The tree is constructed on the parse stack. Token formula recognize token strings creating token objects that are pushed in the parse stack.. By default a recognized token is cataloged into the dictionary creating a symbol object. There are supplied interceding functions the create numeric and string objects bypassing cataloging. The :<id> operation. rates a node object and pushes it on the node stack. !<number> pops the top number of parse stack entries and top node stack object in to a list. The list then pushed on the parse stack. The stack tree construction is a global system allowing tree construction independent of the formula allowing factoring that eliminates backtracking. Formula are test functions. A test being an action returning success or failure. On success the parse has advanced. On failure the parse state is unchanged. Test can be thought of a boolean type: success=true and failure=false. A formula is a test function. Test also being an action are performed in left to right order and down. A test may long fail by passing stacked formula formule. The backtrack alternative \ sets a backtrack point ahead of its left alternative. A backtrack is liken to a longjump in c. Only the parse state was save and on a failure return the parse state restored:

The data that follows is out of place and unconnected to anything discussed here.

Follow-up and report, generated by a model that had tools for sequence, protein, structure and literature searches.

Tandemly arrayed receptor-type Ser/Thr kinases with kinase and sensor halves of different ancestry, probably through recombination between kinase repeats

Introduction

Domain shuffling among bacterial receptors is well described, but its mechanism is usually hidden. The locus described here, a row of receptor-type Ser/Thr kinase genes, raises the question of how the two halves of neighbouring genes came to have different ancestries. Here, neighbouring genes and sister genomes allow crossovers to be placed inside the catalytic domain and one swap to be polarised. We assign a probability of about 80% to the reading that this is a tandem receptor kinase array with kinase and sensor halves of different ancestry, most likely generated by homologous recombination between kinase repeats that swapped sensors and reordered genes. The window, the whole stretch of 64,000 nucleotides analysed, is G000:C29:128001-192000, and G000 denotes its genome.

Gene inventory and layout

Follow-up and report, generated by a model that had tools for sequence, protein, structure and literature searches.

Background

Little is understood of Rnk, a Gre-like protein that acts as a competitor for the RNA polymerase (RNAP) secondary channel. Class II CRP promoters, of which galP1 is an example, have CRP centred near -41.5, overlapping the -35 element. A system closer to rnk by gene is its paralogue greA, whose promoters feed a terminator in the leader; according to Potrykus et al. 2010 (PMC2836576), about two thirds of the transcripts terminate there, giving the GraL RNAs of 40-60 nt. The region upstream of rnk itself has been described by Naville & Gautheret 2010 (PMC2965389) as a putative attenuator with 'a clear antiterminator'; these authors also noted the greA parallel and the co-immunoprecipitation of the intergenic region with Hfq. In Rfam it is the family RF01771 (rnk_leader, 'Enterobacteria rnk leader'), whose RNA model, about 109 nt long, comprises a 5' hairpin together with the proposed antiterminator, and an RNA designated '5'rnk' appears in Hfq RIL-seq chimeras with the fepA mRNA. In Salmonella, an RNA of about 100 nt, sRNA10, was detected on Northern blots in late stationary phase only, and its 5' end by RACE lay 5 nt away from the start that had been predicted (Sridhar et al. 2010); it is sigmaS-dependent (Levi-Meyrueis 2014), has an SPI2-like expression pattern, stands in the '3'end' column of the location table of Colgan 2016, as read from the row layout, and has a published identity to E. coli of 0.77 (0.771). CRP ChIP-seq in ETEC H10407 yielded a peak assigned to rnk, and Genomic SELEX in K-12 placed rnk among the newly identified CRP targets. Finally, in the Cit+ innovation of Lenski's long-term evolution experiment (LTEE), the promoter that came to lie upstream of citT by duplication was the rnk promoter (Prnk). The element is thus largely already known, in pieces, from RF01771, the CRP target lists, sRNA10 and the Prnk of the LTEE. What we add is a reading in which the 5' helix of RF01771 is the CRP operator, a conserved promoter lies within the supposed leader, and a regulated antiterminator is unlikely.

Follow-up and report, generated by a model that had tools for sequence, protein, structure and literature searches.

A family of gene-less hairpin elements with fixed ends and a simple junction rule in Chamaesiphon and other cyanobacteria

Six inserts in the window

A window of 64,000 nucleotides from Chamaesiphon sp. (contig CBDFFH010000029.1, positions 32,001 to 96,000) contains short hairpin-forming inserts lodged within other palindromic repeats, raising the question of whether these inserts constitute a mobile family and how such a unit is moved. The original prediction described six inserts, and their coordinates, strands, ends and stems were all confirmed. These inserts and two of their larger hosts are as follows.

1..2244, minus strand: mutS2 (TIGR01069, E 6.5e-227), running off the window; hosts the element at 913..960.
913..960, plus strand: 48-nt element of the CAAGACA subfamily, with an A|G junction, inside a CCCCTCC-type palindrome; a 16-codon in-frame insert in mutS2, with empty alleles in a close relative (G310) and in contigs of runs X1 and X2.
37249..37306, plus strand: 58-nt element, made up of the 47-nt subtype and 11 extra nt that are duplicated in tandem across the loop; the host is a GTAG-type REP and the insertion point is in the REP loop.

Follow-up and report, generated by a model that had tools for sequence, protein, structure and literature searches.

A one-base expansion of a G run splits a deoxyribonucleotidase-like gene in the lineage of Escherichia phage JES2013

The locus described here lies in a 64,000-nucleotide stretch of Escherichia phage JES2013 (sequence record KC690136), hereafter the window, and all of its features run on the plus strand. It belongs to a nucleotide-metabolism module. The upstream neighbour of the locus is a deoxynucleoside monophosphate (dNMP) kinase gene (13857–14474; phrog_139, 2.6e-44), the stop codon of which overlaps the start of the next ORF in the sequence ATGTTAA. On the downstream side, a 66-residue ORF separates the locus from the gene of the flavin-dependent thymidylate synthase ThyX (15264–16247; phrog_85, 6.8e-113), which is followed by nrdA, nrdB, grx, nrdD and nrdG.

program = $( ( declaration                        // A program is a sequance of
                          | .EOF .STOP)                      // declarations terminated by
                                                                       // End Of File or on an error
                        \ ERRORX["Error"]                // backtrack and report error
                                                                       // flaging furthest parse point.
                          $(-';' (.ANY|.EOF .STOP))  // Error recovery find a ; or